Children’s Education, Migration and Parents’ Mortality in Mexico

Jenjira Yahirun, University of Hawaii at Manoa
Connor Sheehan, University of Texas at Austin
Mark D. Hayward, University of Texas at Austin

In Mexico, shifting demographic, socioeconomic and epidemiological contexts translate to an increasingly older population, one that is living longer, but is not necessarily healthier or wealthier than previous generations. Yet educational expansion and increased international migration among younger cohorts presents an opportunity for aging parents. Using three waves of data from the Mexican Health and Aging Study (2001-2012), we find that among parents, higher levels of offspring are protective of parental mortality. The negative association between children’s education and the timing of parents’ death is robust to controls for parents’ own education, wealth, gender, age, migration status and importantly, the inclusion of children’s financial transfers to parents. Our findings add to growing evidence behind the advantageous effects of children’s education on parental mortality. However, we find that children’s migrant status, a potential resource in this social context, has no bearing on parental health.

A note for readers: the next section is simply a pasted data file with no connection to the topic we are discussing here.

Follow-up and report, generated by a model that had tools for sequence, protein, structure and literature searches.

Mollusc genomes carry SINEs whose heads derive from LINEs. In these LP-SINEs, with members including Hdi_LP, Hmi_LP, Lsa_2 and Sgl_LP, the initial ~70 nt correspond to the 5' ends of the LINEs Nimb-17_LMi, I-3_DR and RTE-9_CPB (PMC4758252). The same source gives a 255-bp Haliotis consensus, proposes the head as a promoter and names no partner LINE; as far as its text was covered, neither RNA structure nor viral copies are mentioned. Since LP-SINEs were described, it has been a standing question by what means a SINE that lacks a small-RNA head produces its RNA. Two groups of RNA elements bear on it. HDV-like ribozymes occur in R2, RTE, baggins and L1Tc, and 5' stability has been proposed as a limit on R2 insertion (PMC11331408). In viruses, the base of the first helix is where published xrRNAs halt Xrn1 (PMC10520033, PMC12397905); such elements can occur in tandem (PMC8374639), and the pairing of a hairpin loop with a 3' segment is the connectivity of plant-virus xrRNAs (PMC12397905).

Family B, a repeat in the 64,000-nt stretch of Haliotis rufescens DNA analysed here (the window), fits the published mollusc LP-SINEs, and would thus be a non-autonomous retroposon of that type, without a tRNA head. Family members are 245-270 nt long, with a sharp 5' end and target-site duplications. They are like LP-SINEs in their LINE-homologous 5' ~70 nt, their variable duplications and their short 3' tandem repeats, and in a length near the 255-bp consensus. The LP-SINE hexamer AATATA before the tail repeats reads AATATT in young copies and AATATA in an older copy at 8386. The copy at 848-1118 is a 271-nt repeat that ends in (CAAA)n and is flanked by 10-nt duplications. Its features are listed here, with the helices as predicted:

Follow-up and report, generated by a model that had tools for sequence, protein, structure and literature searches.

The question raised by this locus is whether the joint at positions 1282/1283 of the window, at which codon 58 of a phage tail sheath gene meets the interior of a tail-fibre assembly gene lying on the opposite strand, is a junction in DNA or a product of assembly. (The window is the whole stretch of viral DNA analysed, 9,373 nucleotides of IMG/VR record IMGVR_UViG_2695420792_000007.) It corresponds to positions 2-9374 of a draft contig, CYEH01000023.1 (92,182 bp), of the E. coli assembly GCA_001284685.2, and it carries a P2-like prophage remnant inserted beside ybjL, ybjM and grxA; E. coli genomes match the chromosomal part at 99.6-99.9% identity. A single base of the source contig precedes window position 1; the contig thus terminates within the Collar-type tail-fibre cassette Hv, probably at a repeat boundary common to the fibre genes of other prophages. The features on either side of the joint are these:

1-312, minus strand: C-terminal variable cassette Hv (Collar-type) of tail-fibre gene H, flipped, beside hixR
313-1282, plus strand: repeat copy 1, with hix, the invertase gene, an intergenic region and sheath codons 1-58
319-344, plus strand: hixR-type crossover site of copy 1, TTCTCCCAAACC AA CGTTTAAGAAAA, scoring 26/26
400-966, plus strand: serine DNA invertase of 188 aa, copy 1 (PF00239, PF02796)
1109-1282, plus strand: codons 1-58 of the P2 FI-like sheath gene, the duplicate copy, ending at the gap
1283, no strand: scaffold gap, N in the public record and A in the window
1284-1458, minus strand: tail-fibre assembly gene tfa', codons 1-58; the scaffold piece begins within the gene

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 Presented in Session P5. Adult Health and Mortality